Resourcefulness and creativity: This means finding creative ways to stretch your budget and make the most out of every opportunity. You will have to learn how to prioritize your spending and focus on the areas that will generate the most significant return on investment. By doing so, you will develop a keen sense of resourcefulness that will serve you well throughout your business journey. My recommendation is always the same: for early-stage startups, the goal should be finding product-market fit, which stands for having growing customers who are consistently engaged and paying for a product or service.

Agility: When you don’t have the luxury of a large budget, you have to be nimble and adaptable. This means being able to pivot quickly when a product or service is not performing as expected or when the market shifts. This also means making adjustments to team size and profiles quickly. With limited capital, your decisions must be swift. This will create a culture of strong performance that, if well-managed, will retain and attract those who are willing to fight with you over the long run. Of course, always communicate candidly and warmly.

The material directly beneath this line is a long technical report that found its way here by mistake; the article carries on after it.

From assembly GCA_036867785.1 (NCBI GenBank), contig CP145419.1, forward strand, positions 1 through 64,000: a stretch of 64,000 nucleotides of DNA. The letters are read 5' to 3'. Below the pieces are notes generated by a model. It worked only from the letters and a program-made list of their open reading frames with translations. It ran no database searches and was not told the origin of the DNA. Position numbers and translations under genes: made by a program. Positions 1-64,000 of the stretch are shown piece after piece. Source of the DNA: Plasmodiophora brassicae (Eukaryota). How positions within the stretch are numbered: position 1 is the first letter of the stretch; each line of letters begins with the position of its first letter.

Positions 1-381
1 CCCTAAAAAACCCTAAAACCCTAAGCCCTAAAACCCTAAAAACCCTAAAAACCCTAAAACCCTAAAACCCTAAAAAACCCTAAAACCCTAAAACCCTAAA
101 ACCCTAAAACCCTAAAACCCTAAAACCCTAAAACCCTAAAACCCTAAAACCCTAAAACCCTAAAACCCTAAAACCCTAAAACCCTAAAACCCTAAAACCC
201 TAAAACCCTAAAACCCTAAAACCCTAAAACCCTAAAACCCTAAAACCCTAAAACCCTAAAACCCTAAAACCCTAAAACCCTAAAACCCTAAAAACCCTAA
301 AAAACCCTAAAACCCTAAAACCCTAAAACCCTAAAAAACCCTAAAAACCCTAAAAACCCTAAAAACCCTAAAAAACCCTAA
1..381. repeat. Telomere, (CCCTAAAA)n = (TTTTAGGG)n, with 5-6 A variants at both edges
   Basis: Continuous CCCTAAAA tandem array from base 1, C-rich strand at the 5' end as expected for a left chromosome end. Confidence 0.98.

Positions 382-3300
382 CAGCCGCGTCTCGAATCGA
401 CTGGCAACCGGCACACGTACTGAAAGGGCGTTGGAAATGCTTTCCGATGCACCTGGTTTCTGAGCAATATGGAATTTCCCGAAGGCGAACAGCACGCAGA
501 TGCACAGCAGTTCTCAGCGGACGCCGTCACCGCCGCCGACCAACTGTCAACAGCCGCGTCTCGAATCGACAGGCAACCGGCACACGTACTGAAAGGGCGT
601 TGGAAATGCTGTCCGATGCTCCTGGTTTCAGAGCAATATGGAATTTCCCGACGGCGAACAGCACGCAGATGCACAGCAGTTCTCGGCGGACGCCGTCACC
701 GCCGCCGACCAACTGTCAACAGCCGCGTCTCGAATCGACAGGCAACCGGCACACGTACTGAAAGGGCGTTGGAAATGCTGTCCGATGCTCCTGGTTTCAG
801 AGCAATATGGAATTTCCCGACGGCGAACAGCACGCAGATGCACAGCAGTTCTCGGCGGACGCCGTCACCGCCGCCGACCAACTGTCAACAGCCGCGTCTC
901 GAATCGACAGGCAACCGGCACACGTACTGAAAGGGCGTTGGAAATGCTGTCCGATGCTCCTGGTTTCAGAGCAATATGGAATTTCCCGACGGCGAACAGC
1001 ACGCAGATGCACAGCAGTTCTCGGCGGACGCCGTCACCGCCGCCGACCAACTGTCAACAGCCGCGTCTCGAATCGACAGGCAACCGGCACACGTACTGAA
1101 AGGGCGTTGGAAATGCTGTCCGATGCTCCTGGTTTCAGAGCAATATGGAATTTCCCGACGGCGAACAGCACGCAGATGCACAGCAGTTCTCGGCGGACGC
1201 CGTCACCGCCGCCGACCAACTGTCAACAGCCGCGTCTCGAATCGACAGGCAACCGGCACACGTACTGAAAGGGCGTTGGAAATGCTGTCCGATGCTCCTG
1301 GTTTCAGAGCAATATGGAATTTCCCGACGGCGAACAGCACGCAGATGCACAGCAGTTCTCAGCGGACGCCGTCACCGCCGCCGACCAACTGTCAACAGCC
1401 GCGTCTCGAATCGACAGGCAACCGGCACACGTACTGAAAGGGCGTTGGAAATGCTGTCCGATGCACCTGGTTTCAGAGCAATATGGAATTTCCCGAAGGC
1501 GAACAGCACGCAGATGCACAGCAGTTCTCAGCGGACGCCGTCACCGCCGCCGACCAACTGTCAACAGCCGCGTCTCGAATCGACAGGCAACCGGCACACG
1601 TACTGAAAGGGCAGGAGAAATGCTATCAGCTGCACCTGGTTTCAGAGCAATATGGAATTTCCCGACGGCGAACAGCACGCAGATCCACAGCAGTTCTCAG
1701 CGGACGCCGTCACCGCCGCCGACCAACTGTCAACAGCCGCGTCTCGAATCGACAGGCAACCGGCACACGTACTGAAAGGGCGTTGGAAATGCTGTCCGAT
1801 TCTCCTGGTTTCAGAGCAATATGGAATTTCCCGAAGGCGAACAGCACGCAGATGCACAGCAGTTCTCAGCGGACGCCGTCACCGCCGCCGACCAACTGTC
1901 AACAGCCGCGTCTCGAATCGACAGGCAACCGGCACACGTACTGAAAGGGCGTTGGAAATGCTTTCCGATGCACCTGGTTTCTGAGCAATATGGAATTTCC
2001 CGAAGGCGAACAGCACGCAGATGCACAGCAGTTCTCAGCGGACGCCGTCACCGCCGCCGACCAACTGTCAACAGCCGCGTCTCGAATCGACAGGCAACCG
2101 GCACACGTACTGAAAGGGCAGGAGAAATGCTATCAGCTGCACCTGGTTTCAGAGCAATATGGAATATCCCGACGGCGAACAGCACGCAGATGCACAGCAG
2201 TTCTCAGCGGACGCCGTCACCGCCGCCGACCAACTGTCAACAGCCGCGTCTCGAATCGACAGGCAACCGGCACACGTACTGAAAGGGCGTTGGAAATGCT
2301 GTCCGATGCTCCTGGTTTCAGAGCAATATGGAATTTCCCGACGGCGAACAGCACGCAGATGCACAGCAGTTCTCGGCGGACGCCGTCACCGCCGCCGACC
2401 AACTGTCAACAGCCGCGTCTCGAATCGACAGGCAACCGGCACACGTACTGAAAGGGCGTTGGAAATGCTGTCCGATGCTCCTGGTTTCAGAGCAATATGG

Focus: Running a startup with little capital can help you maintain focus on what is truly important. When you have limited resources, you must prioritize what is essential to the success of your business. This means focusing on your core business model and avoiding distractions that can lead you astray. Priorities should be discussed on a weekly basis with the leadership team and on a monthly basis with the company at large. I recommend following the funnel model: start with the purpose of the organization, go to values, dive into goals, and then highlight the priorities needed to achieve these goals. People need to be reminded again and again why they’re there, what they’re trying to accomplish, and how to do it.

Let’s end with an old and reassuring note:

“A smooth sea never made a skilled sailor.”

Franklyn Roosevelt